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iTunes EQ and Level controls, part 2; does anybody use them to improve their listening experience?

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I tried broaching this subject a few weeks ago and it seemed that most most of the people that read the post didn't get what I was talking about so I've included a few images this time around so there will be no misundstanding.







Let qualify this post from the start by letting you know that I've been a musician for over 30 years and a part-time audio engineer for live sound and recording almost that long. My main speakers are Paradigm's Reference Active LCR-450's and a pair of their Servo 15 subs. My main listening room (the living room) has about $1,000 worth of Auralex acoustic foam products to tame both reverberation and low bass anomolies. At present, this system requires very little equalization to sound really good.




With that out of the way, on to the subject:


EQ and level controls in iTunes - does anybody use them to improve their listening experience?




I have a pretty varied iTunes library. It runs the gamut from Count Basie to Disturbed. With over 1,700 songs from 50's mono to present day, super-compressed metal, average playback levels can fluctuate over 10 decibels and timbres can swing wildly from super linear fidelity to tinny, bass shy garbage. Given that, I do what I've always done (even when I listened to vinyl) and adjust the level and EQ controls to make up for deficiencies in either the recording or mastering of the music.




In case you, you still don't get what I'm talking about, here's an example.








Above, you see the frequency response for a song from the Rush album, Counterparts. While the response is basically flat (excepting the rolloff above 10khz), This is not a very pleasant sounding album. While flat frequency response is desirable in speakers and electronics, it sounds bass shy due to the nature of human hearing. Each octave going up from the low end has more energy content due to each octave doubling in frequency width with increasing frequency and the nature of higher frequencies naturally having greater power. This is why pink noise (which rolls off at 3db/octave) sounds linear to our ears and white noise seems bright (and it's response is linear).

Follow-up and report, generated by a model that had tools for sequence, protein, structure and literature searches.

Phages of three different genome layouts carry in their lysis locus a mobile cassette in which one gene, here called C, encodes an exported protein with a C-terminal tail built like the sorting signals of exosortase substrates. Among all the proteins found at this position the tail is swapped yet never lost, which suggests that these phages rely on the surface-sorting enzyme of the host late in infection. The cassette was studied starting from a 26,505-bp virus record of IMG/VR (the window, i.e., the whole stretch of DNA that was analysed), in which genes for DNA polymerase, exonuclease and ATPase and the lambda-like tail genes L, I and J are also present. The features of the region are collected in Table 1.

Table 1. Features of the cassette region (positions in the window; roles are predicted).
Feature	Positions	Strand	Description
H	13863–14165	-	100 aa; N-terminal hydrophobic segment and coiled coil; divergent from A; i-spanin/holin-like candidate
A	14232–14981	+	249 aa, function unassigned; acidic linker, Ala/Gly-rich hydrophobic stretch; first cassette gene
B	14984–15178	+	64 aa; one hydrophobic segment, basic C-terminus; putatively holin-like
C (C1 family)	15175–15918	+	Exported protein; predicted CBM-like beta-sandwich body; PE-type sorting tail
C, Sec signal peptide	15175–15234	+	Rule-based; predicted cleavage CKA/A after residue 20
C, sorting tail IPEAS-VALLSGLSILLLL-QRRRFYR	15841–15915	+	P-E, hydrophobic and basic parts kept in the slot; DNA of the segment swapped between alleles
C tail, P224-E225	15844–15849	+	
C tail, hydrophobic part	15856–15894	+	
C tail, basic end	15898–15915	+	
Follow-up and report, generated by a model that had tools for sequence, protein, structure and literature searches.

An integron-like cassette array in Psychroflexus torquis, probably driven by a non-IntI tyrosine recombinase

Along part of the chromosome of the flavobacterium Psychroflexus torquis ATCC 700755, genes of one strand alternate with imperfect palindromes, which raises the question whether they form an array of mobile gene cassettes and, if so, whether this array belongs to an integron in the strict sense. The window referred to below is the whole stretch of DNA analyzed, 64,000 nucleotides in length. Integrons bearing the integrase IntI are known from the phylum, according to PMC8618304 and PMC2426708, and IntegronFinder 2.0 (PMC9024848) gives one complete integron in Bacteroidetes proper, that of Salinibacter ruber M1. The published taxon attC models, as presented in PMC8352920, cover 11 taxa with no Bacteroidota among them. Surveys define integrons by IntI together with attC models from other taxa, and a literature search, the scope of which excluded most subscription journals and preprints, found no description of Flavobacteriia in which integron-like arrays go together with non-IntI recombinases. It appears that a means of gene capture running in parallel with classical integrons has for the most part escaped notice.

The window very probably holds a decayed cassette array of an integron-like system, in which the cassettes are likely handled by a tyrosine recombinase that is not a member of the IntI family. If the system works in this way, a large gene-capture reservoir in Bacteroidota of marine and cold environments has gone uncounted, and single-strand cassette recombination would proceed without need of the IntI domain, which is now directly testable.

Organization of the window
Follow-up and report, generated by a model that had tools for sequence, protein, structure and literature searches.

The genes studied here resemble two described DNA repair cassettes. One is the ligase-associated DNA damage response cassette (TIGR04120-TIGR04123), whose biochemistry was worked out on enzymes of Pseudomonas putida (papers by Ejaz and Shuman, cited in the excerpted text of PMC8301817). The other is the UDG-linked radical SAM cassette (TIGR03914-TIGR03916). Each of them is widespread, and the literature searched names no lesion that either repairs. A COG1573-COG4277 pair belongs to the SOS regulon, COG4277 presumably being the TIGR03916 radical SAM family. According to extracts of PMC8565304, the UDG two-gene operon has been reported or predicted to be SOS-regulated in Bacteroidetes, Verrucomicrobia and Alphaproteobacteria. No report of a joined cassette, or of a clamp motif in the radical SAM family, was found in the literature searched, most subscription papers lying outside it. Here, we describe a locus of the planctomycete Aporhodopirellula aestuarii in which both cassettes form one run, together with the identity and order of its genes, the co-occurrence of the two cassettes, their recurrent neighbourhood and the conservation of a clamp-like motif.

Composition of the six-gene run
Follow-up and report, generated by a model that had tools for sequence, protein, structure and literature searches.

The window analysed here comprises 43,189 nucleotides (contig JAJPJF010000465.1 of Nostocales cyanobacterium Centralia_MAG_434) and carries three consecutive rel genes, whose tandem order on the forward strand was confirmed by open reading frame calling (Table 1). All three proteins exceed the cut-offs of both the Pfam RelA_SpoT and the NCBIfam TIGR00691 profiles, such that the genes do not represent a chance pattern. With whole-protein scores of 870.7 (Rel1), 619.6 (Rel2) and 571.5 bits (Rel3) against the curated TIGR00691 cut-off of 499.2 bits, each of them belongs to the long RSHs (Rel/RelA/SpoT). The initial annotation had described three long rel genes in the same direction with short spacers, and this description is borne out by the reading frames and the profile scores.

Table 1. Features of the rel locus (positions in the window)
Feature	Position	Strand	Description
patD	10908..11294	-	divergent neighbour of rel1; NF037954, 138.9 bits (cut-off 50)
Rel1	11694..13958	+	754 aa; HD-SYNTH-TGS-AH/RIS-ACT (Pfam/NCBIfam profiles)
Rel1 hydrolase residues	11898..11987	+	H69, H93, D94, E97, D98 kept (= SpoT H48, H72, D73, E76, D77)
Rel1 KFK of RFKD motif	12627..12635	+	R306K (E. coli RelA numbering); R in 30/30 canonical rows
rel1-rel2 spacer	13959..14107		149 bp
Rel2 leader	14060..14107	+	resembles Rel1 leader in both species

So, bottom line is that this song sounds tinny. The bass is lacking and the top end sounds dull. Now see what it looks like when the 10 band graphic EQ is engaged.








Note that the rolloff above 10khz is gone, the bass is boosted and the response now has a linear rolloff of 3db per octave which, to human ears, sounds flat. The song now sounds like a Rush song should with some very satisfying bass and kick drum impact and a bit of shimmer on the cymbals.




With the advent of iTunes, I can now apply seperate level and EQ adjustments to each song. Unfortunately, iTunes level and EQ aren't stellar and I'd like these new iTunes companion programs (Amarra, Pure Music, etc.) to offer level and EQ presets that can be assigned to each song.




So, does anyone else do this in iTunes or do you just take every song as it comes regardless of how poorly it's engineered?




jeff henning




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Hey Jeff,


I have nowhere near the experience you have but I've read that the EQ, Sound Enhancer and Sound Check in iTunes can introduce unwanted distortion.


The same used to be said of the volume control but I've seen recently that Apple's fixed that issue in an update. I haven't read the same thing regarding the other options.


Like you my library runs the gamut and I keep within reach of the volume control for that reason but that only addresses one of the issues you've brought up.


The other issue, EQ, I plan to first address, as you have, with room treatment. If it still doesn't sound as good as I'd hoped I plan on bringing in some EQ. I've been looking at the Behringer DEQ-2496 to fill that need.


To answer your question, right now I take every song as it comes regardless of how poorly engineered. Ideally we'd fix the problem there rather than trying to remedy it during playback...




Simplicity is the ultimate sophistication.

Mac Mini->Roon + Tidal->KEF LS50W

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